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Coffee & Computer = Bad Mix

Discussion in 'Hardware' started by grendel25, Mar 6, 2012.

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  1. grendel25

    grendel25 Thread Starter

    Joined:
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    My wife spilled coffee on the computer. In the few days since, she said it's been shutting down by itself. Last night was the first chance I had to take a look at it.

    OS: Windows 7
    Power Supply: Ultra X-Finity PSU
    Motherboard: Mach Speed Matrix P4M800

    - Turned computer on, and it prompted to go into Repair mode. Appeared to finish, then suddenly the machine shut off.
    - I unplugged everything and opened case. None of the liquid appeared to have reached any of the electronics, just the case and cords (all dry by this time). I cleaned the case and cords, checking the plugs for any contamination. Any contact only appeared to be to cords, not plugs, and not to any electronics.
    - Plugged keyboard, monitor, and power cord in and started computer. Received message that CMOS didn't have time or date. Entered CMOS, fixed both, saved and exited. Windows 7 then loaded normally. I was able to log into the main admin profile. Ran all diagnostics I could find. Everything appeared to be working normally, including getting online. The machine was on for 20 minutes without problem.
    - Turned off and unplugged all cords, then reassembled case and plugged all cords back in.
    - Turned machine on. Immediately there were two quick beeps, followed by five short beeps and the smell of burning rubber. Quickly turned machine off.
    - Opened case, but could see nothing that showed where smell came from. Unplugged all but power cord, then pressed On button. Again, the same series of beeps. Turned it off.
    - Pressed On button again, with no response except for a brief attempt for fans to turn on. Tried again with zero response.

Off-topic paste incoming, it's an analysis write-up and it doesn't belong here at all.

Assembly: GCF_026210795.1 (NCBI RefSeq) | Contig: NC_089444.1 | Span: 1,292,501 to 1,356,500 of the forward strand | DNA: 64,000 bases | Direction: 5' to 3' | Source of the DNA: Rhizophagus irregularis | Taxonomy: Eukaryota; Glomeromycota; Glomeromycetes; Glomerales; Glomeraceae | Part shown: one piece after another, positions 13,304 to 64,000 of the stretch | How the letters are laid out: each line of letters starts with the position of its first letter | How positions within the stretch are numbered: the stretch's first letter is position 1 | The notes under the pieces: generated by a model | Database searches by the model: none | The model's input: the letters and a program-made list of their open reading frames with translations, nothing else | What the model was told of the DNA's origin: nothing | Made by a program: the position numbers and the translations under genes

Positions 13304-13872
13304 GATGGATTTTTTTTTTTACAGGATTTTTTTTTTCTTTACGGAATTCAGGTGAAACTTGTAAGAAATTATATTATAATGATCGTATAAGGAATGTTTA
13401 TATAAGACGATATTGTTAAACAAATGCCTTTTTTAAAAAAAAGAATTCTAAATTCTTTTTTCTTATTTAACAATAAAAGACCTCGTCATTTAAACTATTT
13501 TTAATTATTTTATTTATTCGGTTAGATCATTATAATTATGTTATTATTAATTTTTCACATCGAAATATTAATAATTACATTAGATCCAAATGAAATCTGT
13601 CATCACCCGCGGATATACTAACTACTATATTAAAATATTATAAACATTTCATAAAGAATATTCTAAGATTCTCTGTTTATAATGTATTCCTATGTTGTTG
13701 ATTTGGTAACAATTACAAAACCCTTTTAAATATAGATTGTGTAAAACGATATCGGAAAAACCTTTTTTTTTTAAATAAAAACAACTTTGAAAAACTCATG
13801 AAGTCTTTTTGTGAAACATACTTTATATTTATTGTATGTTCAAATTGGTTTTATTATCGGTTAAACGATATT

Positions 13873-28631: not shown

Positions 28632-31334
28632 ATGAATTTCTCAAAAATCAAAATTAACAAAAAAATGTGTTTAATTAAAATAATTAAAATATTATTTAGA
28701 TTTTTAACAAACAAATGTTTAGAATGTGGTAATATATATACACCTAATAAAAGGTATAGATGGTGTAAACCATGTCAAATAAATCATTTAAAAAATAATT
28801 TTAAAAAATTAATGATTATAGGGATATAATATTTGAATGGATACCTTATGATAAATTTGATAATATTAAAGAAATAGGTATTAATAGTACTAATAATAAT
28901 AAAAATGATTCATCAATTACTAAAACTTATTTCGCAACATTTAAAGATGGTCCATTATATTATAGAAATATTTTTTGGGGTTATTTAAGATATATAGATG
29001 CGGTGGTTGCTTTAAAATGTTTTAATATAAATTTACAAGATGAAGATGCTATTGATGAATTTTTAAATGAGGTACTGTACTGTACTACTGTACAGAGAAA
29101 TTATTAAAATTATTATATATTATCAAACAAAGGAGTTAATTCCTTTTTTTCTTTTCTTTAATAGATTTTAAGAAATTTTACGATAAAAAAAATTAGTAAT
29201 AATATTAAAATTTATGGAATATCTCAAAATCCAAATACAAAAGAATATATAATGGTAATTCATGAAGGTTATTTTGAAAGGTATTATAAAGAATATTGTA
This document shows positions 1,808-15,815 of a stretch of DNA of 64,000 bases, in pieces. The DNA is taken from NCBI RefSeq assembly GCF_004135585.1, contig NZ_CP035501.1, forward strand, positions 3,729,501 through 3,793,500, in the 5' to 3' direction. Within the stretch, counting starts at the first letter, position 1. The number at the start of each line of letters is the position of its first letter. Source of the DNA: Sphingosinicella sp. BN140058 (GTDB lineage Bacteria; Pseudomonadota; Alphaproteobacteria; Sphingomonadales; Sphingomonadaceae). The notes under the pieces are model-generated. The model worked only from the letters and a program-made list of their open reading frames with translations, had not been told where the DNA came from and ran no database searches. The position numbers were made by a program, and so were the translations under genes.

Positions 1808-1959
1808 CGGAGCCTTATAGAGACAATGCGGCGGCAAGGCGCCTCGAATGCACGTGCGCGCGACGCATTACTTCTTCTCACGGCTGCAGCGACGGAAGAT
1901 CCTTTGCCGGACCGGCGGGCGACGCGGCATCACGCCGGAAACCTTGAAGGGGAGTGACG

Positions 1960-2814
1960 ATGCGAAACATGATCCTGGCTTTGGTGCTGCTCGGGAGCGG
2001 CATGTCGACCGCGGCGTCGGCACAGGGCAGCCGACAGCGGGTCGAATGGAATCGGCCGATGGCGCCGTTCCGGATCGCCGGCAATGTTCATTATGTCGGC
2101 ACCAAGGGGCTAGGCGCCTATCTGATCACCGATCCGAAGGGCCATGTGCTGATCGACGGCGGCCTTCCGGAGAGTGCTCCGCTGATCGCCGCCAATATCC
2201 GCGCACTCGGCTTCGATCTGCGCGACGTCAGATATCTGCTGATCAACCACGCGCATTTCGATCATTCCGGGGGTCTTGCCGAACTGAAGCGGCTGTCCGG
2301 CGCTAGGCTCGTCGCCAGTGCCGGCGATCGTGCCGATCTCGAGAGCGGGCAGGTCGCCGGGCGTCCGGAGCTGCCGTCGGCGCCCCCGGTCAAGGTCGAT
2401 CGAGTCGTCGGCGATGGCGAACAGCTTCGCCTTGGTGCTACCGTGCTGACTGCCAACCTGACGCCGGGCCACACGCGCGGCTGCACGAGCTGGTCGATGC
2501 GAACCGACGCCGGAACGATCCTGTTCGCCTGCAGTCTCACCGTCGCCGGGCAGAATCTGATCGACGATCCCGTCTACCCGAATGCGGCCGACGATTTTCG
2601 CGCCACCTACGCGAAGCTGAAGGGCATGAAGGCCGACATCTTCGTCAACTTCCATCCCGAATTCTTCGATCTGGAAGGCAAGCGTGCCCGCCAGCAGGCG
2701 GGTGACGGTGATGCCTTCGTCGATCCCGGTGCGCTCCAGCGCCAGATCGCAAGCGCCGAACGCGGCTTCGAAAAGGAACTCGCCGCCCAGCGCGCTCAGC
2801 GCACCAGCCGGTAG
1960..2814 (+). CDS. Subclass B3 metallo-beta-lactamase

- Flicked power switch at back of computer off and on, tried On switch again. Turned on with same series of beeps. Turned off, then pressed On button, with zero response.
    - Again, flicked power switch on back of computer off and on, tried On switch again. This time, machine powered up, but NO beeps at all.
    - Subsequent attempts resulted in either multiple beeps, no beeps, or no response to On switch.

    Somehow, I've got a bad feeling about this.
     
  2. Ent

    Ent Trusted Advisor

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    I'd agree with that. If there is only one bad component it may be possible to just replace that part, but the trouble with liquids is they have a knack for getting all over the place, and you'll probably wind up having to replace the machine. What you can probably do is to remove the hard drive from the damaged computer and put it in the new one. That way you'd at least keep your data.
     
  3. grendel25

    grendel25 Thread Starter

    Joined:
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    Messages:
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    Thanks for the advice. Turns out the motherboard is bad, but it's under warranty and they'll send an identical replacemnt.

    But they're also saying that I will need to reinstall the OS (Windows 7), and that all the files on my hard drive will therefore be deleted, meaning that everything will need tobe reinstalled. For an identical motherboard, does that make sense? The motherboard, by the way, is not what I originally noted above: it's actually an MSI G31M-L V2.
     
  4. Ent

    Ent Trusted Advisor

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    I'm not quite sure why they'd say that to be honest. If nothing else has changed the hard disk data should fit right in.
    At any rate I would think it should be possible to save the files on your hard disk if you remove it and hook it up to a second computer.
     
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